The dollars drop is really just another iterations of a much larger national agenda and is part of a process to make the US a "free trade" zone, and includes NAFTA, a no border policy, off shoring the industrial base and so on. *When the process finds its equilibrium we will wake up to find we live in the "new second world" economic phase of US history. *Global corporations will be, if they are not already, the real proxy for the power of nations.

My favorite "dollar proof" funds:

PCRDX (PIMCO REAL RETURN)
UMESX (EXCELSIOR NATURAL RESOURCES)
VHGEX (Vanguard Global Equity)

Check them out, they done well in real terms against any number of currencies.

LEX
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Re: Unhedged International Bond Funds
Old 01-29-2005, 07:07 PM   #25
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Re: Unhedged International Bond Funds

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I opted instead to invest in international commodity based funds and global equity market based funds as a way to counter the sell off of US soverignty. *All governments can print and collapse their curency, like the US is doing today, but global enterprise and especially global commodities are much truer residuals to value and will survive the enevitable collapse of any fiat currency. *(By the way, gold is not the answer...its a tool for con men and bunko artists) *
1) Isn't a commodity based fund going to hold gold and other metals? Seems contradictory to your last statement.
2) How can global enterprise have "truer" value when the entire financial reporting system that we have set up depends on these fiat currencies? Sure, corporations have assets that should be fairly valued regardless of what the local currency is doing, but that still doesn't mean that they can always outlast currency manipulations by the government. Without a stable underlying currency to act as a store of value, I think corporations are going to have a tough time, regardless of how well the business itself is doing.
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Re: Unhedged International Bond Funds
Old 01-29-2005, 11:35 PM   #26
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Re: Unhedged International Bond Funds

All good points; in the short term bonds can be very effective investments. *However, I spent my working life in oil and mining, and have developed my own investing methods which have worked for me and are in large part the reason I am now ER'd.

My basic premise is that I invest in assets, and keep a very light weighting in what I call IOU's, such as bonds or CD's. *I will keep about two - three years of liquidity in my accounts, but thats not what I consider working money, that's money that I have already harvested to live on. *I had this premise for asset based investing since the 1970's, though I would confine my investing exclusively to oil and mining companies. *It seems to work, at least for me.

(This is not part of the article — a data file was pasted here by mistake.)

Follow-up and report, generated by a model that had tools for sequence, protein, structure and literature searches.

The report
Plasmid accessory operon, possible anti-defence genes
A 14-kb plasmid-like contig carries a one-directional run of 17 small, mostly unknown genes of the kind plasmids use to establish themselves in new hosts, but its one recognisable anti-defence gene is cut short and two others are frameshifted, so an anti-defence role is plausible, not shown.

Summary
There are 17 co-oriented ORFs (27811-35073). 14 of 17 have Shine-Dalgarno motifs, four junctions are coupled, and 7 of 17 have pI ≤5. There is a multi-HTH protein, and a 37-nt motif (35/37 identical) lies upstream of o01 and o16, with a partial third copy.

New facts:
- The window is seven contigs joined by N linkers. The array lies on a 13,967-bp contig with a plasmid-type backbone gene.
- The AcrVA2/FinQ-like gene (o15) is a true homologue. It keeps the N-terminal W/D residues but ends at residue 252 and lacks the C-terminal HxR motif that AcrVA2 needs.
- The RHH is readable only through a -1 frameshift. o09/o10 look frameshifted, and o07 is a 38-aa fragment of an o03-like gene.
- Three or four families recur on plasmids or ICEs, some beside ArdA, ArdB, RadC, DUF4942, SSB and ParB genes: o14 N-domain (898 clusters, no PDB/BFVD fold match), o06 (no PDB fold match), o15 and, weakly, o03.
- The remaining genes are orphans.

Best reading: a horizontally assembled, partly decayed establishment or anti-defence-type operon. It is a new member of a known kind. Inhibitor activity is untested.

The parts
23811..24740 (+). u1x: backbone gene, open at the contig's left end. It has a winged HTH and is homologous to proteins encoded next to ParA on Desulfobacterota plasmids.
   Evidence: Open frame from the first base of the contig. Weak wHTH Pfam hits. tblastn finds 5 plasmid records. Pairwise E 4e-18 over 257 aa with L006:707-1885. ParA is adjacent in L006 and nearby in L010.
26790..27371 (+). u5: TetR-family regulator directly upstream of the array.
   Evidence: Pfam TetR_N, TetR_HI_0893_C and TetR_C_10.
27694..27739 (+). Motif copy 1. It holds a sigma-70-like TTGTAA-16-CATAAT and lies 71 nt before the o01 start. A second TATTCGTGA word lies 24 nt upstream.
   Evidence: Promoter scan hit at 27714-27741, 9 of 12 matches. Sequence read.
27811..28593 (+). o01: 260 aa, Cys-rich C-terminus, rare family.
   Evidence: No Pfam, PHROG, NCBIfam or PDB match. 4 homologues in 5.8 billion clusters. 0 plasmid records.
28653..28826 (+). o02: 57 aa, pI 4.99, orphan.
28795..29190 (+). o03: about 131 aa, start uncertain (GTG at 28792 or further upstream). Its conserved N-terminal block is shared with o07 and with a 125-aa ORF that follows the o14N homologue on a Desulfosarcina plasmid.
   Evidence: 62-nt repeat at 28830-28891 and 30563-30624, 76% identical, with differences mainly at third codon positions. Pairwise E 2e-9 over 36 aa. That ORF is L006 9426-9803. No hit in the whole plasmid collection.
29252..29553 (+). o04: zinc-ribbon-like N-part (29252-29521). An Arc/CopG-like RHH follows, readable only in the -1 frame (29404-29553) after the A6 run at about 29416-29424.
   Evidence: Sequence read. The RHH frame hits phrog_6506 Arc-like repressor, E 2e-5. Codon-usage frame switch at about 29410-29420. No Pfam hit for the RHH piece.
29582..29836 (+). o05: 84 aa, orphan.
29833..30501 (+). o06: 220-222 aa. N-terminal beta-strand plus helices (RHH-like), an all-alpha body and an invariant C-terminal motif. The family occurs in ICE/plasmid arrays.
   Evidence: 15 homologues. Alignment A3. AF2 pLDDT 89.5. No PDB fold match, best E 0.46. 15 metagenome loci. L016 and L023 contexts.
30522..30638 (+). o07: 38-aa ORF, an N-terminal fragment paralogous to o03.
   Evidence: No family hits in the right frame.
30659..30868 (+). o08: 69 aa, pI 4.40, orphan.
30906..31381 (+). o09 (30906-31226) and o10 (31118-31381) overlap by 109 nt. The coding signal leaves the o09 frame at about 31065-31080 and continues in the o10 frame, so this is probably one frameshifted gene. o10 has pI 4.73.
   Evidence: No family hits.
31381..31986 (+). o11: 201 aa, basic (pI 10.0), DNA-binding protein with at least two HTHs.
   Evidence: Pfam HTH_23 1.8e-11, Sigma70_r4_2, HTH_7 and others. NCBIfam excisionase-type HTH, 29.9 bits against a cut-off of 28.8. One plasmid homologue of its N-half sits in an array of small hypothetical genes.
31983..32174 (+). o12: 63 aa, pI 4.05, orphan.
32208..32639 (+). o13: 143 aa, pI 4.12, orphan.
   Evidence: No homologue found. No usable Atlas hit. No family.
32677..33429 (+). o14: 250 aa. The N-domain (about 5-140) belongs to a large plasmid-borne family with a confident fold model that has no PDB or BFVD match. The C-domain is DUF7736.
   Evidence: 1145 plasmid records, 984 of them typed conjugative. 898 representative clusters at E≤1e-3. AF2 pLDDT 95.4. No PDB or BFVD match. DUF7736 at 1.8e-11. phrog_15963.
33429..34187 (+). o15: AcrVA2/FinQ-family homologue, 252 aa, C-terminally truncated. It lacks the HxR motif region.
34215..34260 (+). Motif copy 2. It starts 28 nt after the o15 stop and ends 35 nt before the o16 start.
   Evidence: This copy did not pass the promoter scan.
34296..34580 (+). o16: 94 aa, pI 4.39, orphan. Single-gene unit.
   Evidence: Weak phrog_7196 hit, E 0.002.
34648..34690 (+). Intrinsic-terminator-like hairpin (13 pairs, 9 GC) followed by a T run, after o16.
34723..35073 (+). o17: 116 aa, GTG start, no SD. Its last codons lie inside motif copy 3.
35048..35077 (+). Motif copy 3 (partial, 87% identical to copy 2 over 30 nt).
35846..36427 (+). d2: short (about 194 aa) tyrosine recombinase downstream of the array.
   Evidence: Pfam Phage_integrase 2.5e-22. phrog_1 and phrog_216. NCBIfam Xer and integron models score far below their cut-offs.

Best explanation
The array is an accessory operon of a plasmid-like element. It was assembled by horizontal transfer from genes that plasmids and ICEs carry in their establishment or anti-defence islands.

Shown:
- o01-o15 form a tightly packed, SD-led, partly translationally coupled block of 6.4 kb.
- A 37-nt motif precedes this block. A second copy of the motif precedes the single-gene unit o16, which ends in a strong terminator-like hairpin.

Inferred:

The Commodity funds do have gold, but the main driver in these funds are the industrial commodities, including oil, which are so basic to any economy that it is as close a real metric of value for my purposes. *It is impossible for any government to "print more oil or copper" and dilute its intrinsic value, though each government can and does over produce its domestic resources, which is the source of the cyclical nature of the natural resources market. *

I refered earlier to my distain for gold promoters in the context of those that advocate owning gold as a form of currency surrogate. *Gold is still a vital industrial metal (theres gold and silver circuitry inside your computer) and at that level of market derives its value based on economic utility rather than arbitrary price transfers.

The fiat currencies may present a challenge to global equities, but these companies can do the curency hedging for me as an investor, and they will do that and more to preserve asset value, including inventory controls, marketing adjustments and so on. *Those that do not perform this type of asset preservation well will under perform and drop out of most rationally manged portfolios. So your point of currencies impacting some businesses is a valid one, but any fund manager is going to sell this business out of the mix and replace it with one that is going to make the numbers work. *I liken the funds to small darwininan engines, sorting out what works and what fails so that I can enjoy my tropical umbrella drink by the pool without much commercial concern. **In my opinion, based on my research, any well managed multinational, such as P&G or Coke, will move to prevent loss from a declining currency by price and market strategies in a much more effective mark to market than a government issueing its debt.